Good Thursday morning!
Sen. Bernie Sanders (I-VT) is indicating that he may be eying a graceful exit from the presidential race, The Washington Post reports. The campaigns of Sanders and former Vice President Joe Biden have been in close contact “at a senior level” since last week to discuss the coronavirus pandemic and future steps.
The third season of “Fauda” will hit Netflix around the world (except France and Israel) on April 16.
Sephardi Chief Rabbi Yitzchak Yosef ruled yesterday that Jews in Israel should keep their phones on over Shabbat in case they need to answer calls or messages about coronavirus test results or mandatory quarantine.
Israeli actress Gal Gadot released a video yesterday where she enlisted famous friends including Natalie Portman, Will Ferrell, Jimmy Fallon and Sarah Silverman to sing John Lennon’s “Imagine” to help boost people’s spirits.
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MEET THE CANDIDATE
From CNBC to Congress: How Michelle Caruso-Cabrera intends to challenge Alexandria Ocasio-Cortez
A print and television journalist for the past three decades, Michelle Caruso-Cabrera has covered topics ranging from education and crime to the financial market and global events. She was most recently the co-anchor of CNBC’s “Power Lunch” program. “As a reporter I was always calling people, and you listen,” the first-time congressional candidate explained to Jewish Insider’s Jacob Kornbluh during a recent interview in midtown Manhattan. “A lot of politicians like to talk a lot.”
Transition: Caruso-Cabrera told JI she found the transition from journalism to politics to be easier than she had expected. “I’m not afraid to talk to people. It’s very comfortable for me to walk into a room and start talking with people,” she explained. “I’ve done that all my life — because if you’re going to ever get interviews, that’s what you have to do. And then if I want to hear people, I have to be able to reach out to them.”
MCC vs. AOC: Caruso-Cabrera said she decided to go into public service and launch a primary challenge against freshman congresswoman Rep. Alexandria Ocasio-Cortez (D-NY) after hearing her vocal opposition to Amazon’s plan to build a major campus in Queens. A poll conducted by the Siena College Research Institute last year found that 38% of New Yorkers labeled the congresswoman “a villain” in Amazon’s forced pullout. “She threw away 25,000 jobs and she’s proud of it, she owns it,” Caruso-Cabrera said. “I just couldn’t stand by and watch that.” She added: “It’s obvious that Ocasio-Cortez doesn’t pay attention to her district or her constituents.”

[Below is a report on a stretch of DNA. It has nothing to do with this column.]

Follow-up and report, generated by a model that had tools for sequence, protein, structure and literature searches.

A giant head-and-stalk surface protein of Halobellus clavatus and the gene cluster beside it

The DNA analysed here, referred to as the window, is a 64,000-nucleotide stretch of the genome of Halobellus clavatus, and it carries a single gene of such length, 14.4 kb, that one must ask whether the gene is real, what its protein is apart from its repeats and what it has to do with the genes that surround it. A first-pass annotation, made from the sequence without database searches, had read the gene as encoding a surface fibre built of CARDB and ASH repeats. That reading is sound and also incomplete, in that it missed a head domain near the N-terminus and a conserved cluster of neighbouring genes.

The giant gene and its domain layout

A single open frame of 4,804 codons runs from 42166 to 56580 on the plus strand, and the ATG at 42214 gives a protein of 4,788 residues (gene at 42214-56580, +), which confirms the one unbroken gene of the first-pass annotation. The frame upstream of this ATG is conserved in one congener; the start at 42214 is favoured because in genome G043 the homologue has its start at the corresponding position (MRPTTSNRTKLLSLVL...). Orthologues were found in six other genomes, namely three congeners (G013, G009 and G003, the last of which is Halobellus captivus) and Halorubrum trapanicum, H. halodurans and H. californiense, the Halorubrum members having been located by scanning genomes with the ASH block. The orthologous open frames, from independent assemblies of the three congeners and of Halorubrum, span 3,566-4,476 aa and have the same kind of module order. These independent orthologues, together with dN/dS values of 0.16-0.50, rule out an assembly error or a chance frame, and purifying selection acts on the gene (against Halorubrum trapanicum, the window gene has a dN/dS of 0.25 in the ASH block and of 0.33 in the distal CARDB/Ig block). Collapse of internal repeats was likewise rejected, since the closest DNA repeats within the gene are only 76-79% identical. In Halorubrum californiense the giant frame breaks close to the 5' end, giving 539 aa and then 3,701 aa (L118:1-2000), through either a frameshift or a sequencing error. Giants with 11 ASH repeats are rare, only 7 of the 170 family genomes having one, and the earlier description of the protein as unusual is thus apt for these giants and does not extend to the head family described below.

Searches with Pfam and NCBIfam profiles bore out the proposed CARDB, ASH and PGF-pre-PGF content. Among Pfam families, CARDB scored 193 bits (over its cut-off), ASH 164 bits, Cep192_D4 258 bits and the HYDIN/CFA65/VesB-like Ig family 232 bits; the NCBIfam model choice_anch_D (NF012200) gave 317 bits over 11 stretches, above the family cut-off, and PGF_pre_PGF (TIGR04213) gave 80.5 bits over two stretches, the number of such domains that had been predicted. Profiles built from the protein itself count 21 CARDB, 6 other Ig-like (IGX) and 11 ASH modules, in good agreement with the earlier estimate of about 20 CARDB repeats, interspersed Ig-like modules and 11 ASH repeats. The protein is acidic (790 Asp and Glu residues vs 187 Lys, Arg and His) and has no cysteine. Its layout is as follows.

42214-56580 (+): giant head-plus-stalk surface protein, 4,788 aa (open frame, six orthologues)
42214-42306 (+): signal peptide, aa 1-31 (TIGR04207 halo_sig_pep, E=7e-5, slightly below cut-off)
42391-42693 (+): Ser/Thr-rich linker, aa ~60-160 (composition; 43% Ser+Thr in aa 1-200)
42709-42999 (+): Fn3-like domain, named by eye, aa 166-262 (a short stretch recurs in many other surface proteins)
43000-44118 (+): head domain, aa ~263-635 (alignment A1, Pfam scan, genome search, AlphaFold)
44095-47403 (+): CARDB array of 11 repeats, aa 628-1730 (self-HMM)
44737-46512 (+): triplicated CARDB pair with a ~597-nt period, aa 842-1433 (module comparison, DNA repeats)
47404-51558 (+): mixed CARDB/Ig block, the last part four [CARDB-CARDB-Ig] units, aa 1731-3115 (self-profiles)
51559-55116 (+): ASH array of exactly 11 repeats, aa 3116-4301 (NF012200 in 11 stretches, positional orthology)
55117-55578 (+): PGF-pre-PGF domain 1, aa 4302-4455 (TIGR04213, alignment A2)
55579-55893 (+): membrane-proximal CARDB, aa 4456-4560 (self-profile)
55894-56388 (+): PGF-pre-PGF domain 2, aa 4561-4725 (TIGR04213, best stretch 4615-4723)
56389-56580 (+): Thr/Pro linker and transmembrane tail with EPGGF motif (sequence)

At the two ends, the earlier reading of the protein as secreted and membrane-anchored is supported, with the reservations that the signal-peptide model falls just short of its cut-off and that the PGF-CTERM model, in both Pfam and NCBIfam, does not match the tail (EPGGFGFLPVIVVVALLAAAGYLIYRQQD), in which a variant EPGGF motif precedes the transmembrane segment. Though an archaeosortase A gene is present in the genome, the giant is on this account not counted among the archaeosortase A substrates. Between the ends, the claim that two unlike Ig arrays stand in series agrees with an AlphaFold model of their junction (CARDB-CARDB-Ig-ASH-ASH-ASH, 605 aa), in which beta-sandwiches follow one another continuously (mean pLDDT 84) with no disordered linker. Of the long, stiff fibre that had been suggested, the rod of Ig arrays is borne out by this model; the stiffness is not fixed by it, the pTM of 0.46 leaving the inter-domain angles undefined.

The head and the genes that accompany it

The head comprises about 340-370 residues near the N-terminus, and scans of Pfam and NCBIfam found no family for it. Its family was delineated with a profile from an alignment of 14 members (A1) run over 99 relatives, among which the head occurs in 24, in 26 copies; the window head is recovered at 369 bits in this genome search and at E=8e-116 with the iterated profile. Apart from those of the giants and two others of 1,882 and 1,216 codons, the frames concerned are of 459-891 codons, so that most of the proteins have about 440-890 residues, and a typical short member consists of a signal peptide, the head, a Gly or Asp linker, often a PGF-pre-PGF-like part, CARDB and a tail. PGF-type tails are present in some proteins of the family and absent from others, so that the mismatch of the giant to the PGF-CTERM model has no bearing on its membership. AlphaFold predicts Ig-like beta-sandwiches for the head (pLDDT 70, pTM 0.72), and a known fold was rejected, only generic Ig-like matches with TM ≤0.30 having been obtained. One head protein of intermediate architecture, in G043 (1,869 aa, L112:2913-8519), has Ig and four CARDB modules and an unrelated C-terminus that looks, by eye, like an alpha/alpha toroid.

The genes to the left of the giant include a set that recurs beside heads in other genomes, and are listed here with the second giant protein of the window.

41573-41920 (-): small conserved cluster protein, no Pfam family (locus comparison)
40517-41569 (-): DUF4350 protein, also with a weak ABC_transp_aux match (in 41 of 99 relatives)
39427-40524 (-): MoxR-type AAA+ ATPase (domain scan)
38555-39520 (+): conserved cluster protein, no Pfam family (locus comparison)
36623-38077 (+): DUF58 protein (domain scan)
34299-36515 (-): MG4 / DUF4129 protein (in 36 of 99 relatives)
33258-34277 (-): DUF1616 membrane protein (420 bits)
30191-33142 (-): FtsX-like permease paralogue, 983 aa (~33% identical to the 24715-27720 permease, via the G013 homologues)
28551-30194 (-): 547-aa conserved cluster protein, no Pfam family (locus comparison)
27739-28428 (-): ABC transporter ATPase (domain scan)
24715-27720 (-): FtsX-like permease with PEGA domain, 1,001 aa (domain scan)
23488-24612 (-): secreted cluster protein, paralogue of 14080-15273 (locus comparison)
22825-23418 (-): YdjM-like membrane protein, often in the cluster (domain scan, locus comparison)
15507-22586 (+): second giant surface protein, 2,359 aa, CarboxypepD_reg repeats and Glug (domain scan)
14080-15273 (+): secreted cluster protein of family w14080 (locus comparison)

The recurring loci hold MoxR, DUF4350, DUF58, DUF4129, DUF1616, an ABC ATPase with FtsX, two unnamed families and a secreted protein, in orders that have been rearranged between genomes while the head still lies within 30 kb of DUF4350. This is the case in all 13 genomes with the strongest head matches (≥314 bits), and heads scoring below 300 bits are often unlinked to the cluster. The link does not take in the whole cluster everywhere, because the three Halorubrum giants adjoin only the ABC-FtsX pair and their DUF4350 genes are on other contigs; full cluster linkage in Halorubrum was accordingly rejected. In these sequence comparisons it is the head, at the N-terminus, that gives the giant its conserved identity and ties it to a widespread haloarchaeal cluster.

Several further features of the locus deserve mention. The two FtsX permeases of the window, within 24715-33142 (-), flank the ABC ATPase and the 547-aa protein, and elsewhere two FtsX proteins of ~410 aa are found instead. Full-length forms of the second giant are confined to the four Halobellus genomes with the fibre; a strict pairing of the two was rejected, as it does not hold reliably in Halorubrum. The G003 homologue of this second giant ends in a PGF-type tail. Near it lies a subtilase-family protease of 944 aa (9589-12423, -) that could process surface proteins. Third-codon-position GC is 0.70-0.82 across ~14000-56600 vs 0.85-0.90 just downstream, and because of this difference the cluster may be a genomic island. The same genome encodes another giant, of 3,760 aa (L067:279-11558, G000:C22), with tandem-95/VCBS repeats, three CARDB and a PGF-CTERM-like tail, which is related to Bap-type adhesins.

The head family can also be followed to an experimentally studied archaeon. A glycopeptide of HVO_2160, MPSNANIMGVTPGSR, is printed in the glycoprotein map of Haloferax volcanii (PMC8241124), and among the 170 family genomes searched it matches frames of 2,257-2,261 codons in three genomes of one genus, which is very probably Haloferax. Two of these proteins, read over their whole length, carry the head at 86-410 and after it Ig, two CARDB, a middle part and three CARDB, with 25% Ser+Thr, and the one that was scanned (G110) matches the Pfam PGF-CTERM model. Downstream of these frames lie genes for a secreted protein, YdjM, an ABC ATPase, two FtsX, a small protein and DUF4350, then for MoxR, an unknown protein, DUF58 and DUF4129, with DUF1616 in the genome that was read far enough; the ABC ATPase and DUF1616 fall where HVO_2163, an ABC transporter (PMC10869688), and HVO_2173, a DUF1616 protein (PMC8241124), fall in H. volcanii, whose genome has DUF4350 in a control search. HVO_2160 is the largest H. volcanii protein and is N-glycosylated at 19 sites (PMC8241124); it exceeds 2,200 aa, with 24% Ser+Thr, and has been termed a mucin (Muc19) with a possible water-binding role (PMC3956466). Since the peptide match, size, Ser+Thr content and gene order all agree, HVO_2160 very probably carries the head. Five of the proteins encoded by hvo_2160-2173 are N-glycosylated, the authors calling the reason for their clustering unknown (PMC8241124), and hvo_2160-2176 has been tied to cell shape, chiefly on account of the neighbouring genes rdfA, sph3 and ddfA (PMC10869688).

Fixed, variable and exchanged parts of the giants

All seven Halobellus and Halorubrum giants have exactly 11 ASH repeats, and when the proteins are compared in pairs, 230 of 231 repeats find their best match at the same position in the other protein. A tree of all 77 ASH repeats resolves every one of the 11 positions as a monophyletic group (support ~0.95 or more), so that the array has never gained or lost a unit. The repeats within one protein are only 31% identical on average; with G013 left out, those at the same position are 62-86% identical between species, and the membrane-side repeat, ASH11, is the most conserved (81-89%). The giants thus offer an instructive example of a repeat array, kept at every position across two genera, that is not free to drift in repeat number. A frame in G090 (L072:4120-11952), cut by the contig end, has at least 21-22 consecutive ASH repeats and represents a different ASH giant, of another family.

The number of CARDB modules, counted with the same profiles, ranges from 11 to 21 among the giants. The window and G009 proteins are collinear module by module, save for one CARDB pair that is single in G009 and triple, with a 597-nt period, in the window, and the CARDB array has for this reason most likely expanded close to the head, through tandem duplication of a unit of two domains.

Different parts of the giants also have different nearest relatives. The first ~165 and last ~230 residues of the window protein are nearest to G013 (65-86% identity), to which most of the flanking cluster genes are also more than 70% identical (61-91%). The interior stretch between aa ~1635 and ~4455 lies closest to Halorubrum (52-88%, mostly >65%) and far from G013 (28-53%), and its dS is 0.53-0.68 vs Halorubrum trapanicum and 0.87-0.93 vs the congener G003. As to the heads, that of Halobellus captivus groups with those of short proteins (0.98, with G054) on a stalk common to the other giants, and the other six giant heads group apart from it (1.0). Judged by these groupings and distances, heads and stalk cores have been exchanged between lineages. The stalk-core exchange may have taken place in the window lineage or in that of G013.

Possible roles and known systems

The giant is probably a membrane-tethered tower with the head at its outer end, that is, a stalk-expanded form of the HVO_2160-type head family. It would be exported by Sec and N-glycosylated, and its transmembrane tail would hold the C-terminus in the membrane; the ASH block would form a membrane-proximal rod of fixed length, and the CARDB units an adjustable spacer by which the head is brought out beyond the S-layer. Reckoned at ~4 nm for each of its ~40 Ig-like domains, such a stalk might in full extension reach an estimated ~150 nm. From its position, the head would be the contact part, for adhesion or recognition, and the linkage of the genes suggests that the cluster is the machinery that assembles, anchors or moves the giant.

Against boycotts: Caruso-Cabrera first spoke to JI outside the main ballroom of the Walter E. Washington Convention Center in Washington D.C. while attending AIPAC’s policy conference in early March. She said that showing up to the annual gathering was meant to send a “clear message” that “I’m going to AIPAC, she isn’t — that I stand with Israel.”
Supporting an ally: Caruso-Cabrera said that being supportive of the U.S.-Israel alliance is “certainly a differentiator” between herself and Ocasio-Cortez. “I stand with Israel, she stands with [Rep.] Ilhan Omar, someone who says terrible things, even about the United States,” Caruso-Cabrera said, adding that refusing to condemn Omar’s comments about AIPAC was “another thing that really bothered me [about Ocasio-Cortez], beyond the Amazon situation.”
Field trip: Caruso-Cabrera first visited Israel in 2011 on an assignment for CNBC. “It looked like it was possible that Israel might go to war with Iran, and so we were doing stories about how you maintain a strong economy, even in the face of wondering if you’re going to go to war,” she recounted. “I loved it. It was fantastic,” she said of the experience, which also included a tour along the country’s northern border with Syria.